The Washington Monthly has a post concerning some recent data released by Steven Benen discussing public support for a single payer health care in the United States.  He states,

I'm convinced Americans would embrace the idea if it were on the policy table. Consider the polling data:

Many adults in the United States believe their federal administration is not doing enough to help them with the cost of medical services, according to a poll by Princeton Survey Research Associates for the Pew Research Center for the People and the Press. 70 per cent of respondents think the government spends too little on health care.

Asked if they thought the government spends too much, too little or the right amount on health care, it wasn't even close — 70% of poll respondents said the government spends too little. Asked if they thought the average American spends too much, too little or the right amount on health care, the results were nearly identical — 65% said people spend too much.

[bm]

March 27, 2006 | Permalink | Comments (0) | TrackBack (0)

Post-Schiavo Symposium

It's been like Grand Central Station keeping up with journal articles recently.  Here's the latest: a symposium issue of the Loyola University Chicago Law Journal on "The Law of Death and Dying" (37 Loy. U. Chi. L.J. 279-454 (2006):

Colby, William H. From Quinlan to Cruzan to Schiavo: what have we learned? 37 Loy. U. Chi. L.J. 279-296 (2006). [L][W]

Shepherd, Lois. Terri Schiavo: unsettling the settled. 37 Loy. U. Chi. L.J. 297-341 (2006). [L][W]

Cerminara, Kathy L. Critical essay: musings on the need to convince some people with disabilities that end-of-life decision-making advocates are not out to get them. 37 Loy. U. Chi. L.J. 343-384 (2006). [L][W]

Clark, Annette E. The right to die: the broken road from Quinlan to Schiavo. 37 Loy. U. Chi. L.J. 385-405 (2006). [L][W]

Cantor, Norman L. On hastening death without violating legal and moral prohibitions. 37 Loy. U. Chi. L.J. 407-431 (2006). [L][W]

Bentley, Philip J., DD. The shattered vessel: the dying person in Jewish land ethics. 37 Loy. U. Chi. L.J. 433-454 (2006). [L][W]

The [L] and [W] links are to Lexis and Westlaw (paid subscriptions required), all courtesy of the Marian Gould Gallagher Law Library at the University of Washington. [tm]

March 27, 2006 | Permalink | Comments (0) | TrackBack (0)

Sunday, March 26, 2006

Latest Health Law Downloads from SSRN

Yesterday, I posted links and abstracts for the papers that have been posted to the SSRN Public Health Law and Policy web page in March (so far).  Today, it's the same exercise, this time for papers on the SSRN Health Law web page.  Links are to abstract pages, from which it is easy to get to the full paper (if one is available).

Abstract:     
After nearly twenty-five years on the bench, Justice Sandra Day O’Connor left the Supreme Court at the end of January 2006. There has been much discussion of Justice O’Connor’s decisions in areas such as federalism, the First Amendment’s Establishment Clause, and affirmative action, among other topics. But very little has been written about her important role in the development of federal constitutional law concerning the “right to die.”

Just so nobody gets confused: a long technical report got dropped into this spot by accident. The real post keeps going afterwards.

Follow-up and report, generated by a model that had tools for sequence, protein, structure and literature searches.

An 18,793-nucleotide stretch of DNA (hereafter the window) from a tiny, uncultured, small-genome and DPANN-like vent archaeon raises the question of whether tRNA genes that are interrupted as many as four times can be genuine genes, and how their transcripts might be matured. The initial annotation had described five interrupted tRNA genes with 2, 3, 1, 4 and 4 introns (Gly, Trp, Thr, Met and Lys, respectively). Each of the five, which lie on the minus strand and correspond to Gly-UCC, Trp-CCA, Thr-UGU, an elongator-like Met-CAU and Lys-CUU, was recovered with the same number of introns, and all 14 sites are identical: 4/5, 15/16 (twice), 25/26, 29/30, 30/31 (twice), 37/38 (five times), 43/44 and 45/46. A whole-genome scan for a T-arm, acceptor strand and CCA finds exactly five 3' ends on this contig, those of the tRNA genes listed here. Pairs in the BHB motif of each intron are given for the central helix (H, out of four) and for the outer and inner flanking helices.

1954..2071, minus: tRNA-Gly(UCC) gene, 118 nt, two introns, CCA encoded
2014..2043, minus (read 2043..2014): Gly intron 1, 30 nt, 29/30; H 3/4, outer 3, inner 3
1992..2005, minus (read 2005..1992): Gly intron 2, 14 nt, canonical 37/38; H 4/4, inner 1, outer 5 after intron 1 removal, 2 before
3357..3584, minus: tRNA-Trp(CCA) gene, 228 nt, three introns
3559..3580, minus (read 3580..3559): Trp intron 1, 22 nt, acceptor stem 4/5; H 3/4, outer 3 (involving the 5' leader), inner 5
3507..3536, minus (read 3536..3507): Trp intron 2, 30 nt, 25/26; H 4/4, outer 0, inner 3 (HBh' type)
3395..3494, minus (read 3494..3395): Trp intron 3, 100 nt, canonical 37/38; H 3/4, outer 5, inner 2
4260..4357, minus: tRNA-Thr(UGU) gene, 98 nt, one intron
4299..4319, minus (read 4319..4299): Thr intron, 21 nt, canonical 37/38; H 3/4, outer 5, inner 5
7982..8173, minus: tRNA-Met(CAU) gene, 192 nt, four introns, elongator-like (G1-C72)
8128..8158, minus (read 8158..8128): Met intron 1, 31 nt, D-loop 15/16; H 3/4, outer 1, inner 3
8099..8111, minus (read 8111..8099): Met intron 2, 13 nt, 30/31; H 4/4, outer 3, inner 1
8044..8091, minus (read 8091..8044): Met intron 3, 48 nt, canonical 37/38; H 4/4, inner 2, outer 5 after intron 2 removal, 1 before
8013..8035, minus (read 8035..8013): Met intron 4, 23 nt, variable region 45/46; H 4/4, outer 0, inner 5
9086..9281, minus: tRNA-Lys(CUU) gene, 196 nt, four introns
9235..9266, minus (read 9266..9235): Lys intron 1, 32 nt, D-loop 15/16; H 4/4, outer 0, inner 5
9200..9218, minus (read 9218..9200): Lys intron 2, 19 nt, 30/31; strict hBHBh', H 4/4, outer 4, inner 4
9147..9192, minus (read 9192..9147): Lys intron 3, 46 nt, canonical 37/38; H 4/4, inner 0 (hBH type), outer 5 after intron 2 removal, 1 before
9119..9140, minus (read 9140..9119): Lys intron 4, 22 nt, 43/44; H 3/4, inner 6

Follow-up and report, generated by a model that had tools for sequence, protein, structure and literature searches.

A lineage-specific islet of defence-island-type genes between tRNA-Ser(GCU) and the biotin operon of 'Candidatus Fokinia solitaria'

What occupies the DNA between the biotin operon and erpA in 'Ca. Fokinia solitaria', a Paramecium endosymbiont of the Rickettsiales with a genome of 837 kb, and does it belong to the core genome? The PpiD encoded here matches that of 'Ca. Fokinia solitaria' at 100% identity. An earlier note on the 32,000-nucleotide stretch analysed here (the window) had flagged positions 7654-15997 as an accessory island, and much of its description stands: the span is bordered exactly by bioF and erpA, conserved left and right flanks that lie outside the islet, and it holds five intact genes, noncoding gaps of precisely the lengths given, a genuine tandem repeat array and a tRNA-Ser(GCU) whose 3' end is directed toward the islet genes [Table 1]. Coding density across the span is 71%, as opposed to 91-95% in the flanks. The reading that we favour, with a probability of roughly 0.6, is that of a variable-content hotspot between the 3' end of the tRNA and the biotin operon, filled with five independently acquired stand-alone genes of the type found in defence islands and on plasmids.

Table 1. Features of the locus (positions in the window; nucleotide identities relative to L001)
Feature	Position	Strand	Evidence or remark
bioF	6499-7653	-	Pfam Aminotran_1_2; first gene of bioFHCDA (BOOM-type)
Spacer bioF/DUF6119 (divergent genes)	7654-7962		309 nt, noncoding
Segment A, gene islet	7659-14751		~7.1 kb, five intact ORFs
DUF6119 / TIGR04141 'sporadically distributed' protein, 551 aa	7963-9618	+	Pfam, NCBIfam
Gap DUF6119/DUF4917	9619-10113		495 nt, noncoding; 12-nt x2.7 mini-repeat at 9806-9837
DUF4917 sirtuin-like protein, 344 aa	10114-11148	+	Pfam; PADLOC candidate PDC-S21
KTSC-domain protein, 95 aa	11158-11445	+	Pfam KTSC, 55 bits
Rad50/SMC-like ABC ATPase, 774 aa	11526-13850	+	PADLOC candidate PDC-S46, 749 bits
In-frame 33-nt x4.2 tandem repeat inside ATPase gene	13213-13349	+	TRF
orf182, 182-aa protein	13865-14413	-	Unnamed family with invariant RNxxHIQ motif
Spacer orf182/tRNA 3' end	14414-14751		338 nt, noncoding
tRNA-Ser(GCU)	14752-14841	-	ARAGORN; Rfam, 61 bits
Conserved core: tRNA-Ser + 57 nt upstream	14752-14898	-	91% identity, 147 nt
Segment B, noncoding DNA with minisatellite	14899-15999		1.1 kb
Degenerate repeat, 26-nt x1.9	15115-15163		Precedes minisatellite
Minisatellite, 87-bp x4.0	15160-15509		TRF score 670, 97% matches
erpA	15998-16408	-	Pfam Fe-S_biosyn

This Essay seeks to fill this gap in the literature by exploring Justice O’Connor’s important concurring opinions in Cruzan and Glucksberg. I argue that these opinions created constitutional promises of a sort that remain unfulfilled as Justice O’Connor retires. I also explain why this need not have been the case while highlighting the real world consequences of the failure to live up to the promises.

Date Posted:March 26, 2006
Last Revised:March 26, 2006
Accepted Paper Series

Abstract:     
This essay, a revised version of the United States report on "Euthanasia" to be presented at the XVII International Congress of Comparative Law, surveys the state of the law, both decisional and statutory, on the permissibility of compassionately motivated actions to terminate human life. It deals with a range of legal categories, suicide, attempted suicide, euthanasia, assisted suicide and the termination of life-sustaining treatment. It highlights the deeply ambivalent attitudes held toward these actions in contemporary America and how this ambivalence has resulted in obscure and artificial distinctions.

Date Posted:March 24, 2006
Last Revised:March 24, 2006
Accepted Paper Series
2 downloads

Abstract:     
Retainer care arrangements allow patients to pay a fee directly to a physician’s office in order to obtain special access to care. Practices usually convert to retainer status by concentrating their attention on a small panel and dropping the majority of their patients. Proponents call retainer care a triumph of consumer-directed health care; opponents deride it as “boutique medicine.” Both sides are deploying a variety of legal tactics in order to attain their goals.

After surveying these conflicts, this article clarifies what is at stake by analyzing the three key features of retainer care: preventive care, queue-jumping, and amenity-bundling. Most commendably, retainer physicians are aggressively counseling their patients on how to avoid getting ill. More questionably, they are trading faster access to better health care for cash. Most troublingly, they are bundling medical care with unrelated amenity services.